Friday, November 14, 2014

Common Types of Medical Malpractice Claim

Medical malpractice occurs when a health-care provider deviates from the recognized “standard of care” in the treatment of a patient. The “standard of care” is defined as what a reasonably prudent medical provider would or would not have done under the same of similar circumstances. In essence, it boils down to whether the provider was negligent.

A wide variety of situations can lead to a medical malpractice claim – from a doctor leaving a sponge in a patient’s stomach during an operation to failing to tell patient that a prescribed drug might cause heart failure. Most medical malpractice claims fall into these categories.

Failure to diagnose. If a doctor would have discovered the patient’s illness or made a different diagnosis, which in turn would have led to a better outcome than the one actually achieved, then the patient may have a viable medical malpractice claim.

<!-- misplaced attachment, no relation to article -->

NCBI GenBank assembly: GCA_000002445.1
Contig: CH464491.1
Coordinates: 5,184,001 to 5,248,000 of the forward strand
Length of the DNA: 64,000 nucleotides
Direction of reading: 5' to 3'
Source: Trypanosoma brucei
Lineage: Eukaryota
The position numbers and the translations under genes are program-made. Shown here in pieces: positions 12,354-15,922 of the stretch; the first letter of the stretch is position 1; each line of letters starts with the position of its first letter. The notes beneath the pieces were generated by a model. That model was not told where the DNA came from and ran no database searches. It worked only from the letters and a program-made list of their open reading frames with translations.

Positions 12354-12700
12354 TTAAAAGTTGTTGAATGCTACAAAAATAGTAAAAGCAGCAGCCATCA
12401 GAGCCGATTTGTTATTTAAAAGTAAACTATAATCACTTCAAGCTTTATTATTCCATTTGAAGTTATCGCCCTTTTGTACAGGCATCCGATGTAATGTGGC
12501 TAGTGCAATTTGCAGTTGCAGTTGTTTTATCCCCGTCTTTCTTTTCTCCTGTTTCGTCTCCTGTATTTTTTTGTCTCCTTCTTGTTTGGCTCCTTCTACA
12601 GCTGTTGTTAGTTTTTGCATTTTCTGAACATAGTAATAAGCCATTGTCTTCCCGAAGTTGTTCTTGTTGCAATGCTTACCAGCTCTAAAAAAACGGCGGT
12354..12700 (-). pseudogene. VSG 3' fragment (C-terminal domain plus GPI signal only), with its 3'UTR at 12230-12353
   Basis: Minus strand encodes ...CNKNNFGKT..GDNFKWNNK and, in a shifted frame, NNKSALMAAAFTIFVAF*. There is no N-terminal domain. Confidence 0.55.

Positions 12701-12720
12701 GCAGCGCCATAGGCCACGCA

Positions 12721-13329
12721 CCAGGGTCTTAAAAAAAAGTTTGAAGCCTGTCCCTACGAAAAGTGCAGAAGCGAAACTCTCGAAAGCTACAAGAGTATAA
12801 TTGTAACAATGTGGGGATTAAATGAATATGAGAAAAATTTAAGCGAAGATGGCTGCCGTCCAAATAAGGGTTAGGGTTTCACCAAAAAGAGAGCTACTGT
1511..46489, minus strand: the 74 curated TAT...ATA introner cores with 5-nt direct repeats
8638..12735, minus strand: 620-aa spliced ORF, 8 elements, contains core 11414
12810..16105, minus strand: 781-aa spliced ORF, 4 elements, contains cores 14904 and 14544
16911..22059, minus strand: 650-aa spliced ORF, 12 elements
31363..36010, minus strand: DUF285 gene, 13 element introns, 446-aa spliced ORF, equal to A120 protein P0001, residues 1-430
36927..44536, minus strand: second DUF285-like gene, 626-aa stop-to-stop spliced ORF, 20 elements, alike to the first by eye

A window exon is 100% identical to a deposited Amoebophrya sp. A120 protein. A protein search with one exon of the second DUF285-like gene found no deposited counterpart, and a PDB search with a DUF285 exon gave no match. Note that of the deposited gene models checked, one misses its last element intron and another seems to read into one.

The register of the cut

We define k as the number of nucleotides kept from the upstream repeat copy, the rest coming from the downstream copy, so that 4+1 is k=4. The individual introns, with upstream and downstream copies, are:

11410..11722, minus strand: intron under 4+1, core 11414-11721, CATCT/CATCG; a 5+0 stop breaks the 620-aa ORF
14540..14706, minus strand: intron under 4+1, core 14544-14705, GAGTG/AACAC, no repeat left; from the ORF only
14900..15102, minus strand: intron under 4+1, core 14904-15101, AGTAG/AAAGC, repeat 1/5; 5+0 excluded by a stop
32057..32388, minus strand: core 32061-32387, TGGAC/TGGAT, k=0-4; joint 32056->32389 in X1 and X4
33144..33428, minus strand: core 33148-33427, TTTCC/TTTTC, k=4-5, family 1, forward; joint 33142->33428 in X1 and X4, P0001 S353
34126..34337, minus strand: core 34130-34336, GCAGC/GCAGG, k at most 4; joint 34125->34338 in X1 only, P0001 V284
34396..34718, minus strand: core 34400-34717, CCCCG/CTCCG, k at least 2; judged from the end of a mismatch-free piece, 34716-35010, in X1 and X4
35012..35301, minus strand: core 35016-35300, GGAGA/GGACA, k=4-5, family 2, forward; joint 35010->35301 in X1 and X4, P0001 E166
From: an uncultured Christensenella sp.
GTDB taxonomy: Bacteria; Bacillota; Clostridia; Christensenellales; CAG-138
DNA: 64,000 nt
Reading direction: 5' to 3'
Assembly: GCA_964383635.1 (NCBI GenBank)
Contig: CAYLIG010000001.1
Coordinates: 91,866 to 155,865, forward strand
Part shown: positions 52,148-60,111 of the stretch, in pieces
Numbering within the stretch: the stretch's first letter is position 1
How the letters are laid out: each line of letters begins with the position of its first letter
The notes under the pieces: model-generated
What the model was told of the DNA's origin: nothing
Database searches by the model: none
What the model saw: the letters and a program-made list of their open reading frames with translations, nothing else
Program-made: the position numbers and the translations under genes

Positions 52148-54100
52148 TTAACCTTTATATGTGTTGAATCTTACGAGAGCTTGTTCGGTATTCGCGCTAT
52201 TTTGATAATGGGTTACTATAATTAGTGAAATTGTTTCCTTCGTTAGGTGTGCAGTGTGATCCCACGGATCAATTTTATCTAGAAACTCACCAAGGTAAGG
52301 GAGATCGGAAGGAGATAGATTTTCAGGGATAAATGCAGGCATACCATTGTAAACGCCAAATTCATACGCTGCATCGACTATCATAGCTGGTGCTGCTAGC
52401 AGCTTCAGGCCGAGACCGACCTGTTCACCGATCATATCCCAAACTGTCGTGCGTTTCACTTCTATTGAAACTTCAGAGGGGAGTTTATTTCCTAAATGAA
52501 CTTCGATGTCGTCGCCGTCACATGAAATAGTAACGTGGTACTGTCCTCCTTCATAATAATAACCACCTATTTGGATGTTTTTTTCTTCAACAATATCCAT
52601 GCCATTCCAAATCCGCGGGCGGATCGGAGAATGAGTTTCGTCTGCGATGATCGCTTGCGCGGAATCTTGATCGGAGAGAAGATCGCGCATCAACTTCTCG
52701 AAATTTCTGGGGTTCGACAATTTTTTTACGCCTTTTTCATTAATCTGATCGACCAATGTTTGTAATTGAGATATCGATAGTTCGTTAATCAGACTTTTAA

Improper treatment. If a doctor treats a patient in a way that no other competent doctor would, the patient could have a medical malpractice claim. It may also be a malpractice claim if the doctor selects the appropriate treatment but administers it incompetently.

Failure to warn a patient of known risks. Doctors have a duty to warn patients of known risks of procedure or course of treatment. This is known as the duty of informed consent.

If you feel that you have a medical malpractice claim that caused you injury or death of a family member, consult Johnathan M. Lichtenstein Law Offices at (888) 392-3104 or visit http://www.medicalattorneyny.com/

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